Jul 162008

The Windows Server 2003 and Server 2008 Shutdown Event Tracker is a little like the UAC prompts in Vista. It gets on your nerves with a prompt whenever you have to reboot a server. What comment do you usually enter in the Shutdown Event Tracker.

The Shutdown Event Tracker, a new Windows Server 2003/2008 feature, is an uncomplicated GUI application that allows administrators to monitor shutdown events on the server. The tool is enabled on Windows Server 2003/2008 by default. The Shutdown Event Tracker collects information on the reasons why the server was shut down, and then logs this information in Event Viewer. The command-line utility equivalent to the Shutdown Event Tracker is Shutdown.exe.

The Shutdown Event Tracker requires you to provide a reason whenever a server is shut down or restarted. When a server is expectedly shut down, a dialog box or page is displayed, requesting you to specify the reason for the server being shut down. When a server is unexpectedly shut down, the following user to log on to the server has to specify the reason for the server shutting down. Shutdown events can be viewed in Event Viewer, and can be useful when you need to improve uptime.

Configure the Shutdown Event Tracker

  1. Click Start, Run, and then enter gpedit.msc. Click OK.
  2. The Group Policy Object Editor console opens.
  3. In the left pane, expand Computer Configuration, and then Administrative Templates.
  4. Click System
  5. In the right pane, find and double-click the Display Shutdown Event Tracker.
  6. When the Display Shutdown Event Tracker Properties dialog box opens, select one of the following options:
    • Not Configured
    • Enabled
    • Disabled
  7. If you select the Enabled option, you can choose between the following options to specify when the Shutdown Event Tracker should be displayed:
    • Always: This option is self explanatory.
    • Server Only: When selected, the Shutdown Event Tracker is displayed for only Windows Server 2003/2008 servers.
    • Workstation Only: When selected, the Shutdown Event Tracker is displayed for only Windows XP Professional workstations.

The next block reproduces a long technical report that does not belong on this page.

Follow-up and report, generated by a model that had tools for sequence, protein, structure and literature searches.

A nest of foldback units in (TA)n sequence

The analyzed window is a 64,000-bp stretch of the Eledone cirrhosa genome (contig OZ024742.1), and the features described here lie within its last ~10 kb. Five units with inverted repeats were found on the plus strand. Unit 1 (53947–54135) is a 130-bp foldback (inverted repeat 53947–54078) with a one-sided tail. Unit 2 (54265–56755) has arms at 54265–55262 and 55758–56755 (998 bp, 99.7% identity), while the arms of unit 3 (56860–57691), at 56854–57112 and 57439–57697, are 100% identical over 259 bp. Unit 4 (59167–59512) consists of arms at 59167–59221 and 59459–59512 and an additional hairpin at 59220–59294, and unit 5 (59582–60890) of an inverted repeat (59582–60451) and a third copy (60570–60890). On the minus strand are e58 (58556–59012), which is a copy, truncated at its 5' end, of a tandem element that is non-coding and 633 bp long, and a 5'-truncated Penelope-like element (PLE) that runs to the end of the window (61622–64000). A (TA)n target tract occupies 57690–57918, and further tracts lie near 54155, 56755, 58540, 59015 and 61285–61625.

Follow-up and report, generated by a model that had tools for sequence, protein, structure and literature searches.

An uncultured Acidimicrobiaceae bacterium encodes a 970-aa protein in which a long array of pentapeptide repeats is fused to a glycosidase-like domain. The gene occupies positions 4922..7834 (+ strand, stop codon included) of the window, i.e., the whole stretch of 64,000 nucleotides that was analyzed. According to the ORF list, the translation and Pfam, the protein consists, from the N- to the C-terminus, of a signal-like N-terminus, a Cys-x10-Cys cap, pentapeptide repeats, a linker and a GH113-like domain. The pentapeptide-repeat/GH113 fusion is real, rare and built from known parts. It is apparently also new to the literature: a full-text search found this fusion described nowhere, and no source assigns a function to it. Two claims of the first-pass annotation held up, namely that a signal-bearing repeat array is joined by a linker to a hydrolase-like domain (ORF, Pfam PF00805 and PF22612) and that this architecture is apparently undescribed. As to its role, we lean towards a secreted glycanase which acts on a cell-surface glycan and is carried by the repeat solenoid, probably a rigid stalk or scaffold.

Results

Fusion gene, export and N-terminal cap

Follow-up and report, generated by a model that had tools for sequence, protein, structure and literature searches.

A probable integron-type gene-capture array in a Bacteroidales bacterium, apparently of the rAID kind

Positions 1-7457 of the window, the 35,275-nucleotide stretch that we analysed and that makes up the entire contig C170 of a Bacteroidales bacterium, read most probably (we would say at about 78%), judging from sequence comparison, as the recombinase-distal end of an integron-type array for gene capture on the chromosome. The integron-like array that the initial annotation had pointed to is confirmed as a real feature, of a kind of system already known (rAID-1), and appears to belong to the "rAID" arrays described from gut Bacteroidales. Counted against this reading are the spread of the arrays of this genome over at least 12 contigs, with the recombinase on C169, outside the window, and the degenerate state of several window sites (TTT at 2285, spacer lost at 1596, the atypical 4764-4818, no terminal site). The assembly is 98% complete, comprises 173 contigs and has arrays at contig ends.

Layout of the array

8. If you want to view help information on the Shutdown Event Tracker application, click the Explain tab.
  9. Click OK, and then close the Group Policy Object Editor console.

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  7 Responses to “How to disable the Windows Server 2003/2008 Shutdown Event Tracker”

  1. I think this feature is far from how annoying the UAC can be. Question though, can an inadvertent shutdown be stopped, after the Shutdown Event Tracker, but before information is entered?

  2. These instructions helped me do what I wanted to to (turn off the shutdown event tracker completely), but it was not totally clear how to do that from the instructions. What I found that worked was to select the “Disable” option.

  3. The above procedure does not work on some versions of Server 2008, including the RC2 that I have. The option is not available through Group Policy.

    Here is a registry hack that will do the trick. Open regedit and surf to this key: [HKEY_LOCAL_MACHINE\SOFTWARE\Policies\Microsoft\Windows NT\]. Next you will need to create the new key “Reliability”. Finally, create the new dword “ShutdownReasonOn” and set dword:00000000

  4. This does not work on Windows 2003 R2. This “Feature” is so annoying that it should come disabled.

    I wish MS operating systems came with a /FLUFF=Off or /CRAP=DISABLED startup switch.

  5. @rob5289 thank you thank you! @Bob /FLUFF=Off or /CRAP=DISABLED x2

  6. Since disabling the tracker screen (an absolute pain while building/testing a server) I now get shutdown failure messages during reboot on Windows Server 2008. I will keeb digging!

  7. I have windows server 2008 SP2 64 bit edition Installed on Sun Microsystem. My Server is shutting down randomly, i checked event viewer there is no issue with the hardware and there is no problem with the software as well antivirus even though it is shutting down, i kept my server under observation by disableing some of the services. is there any other method to find out the possible reason.
    your suggestions are most welcome.

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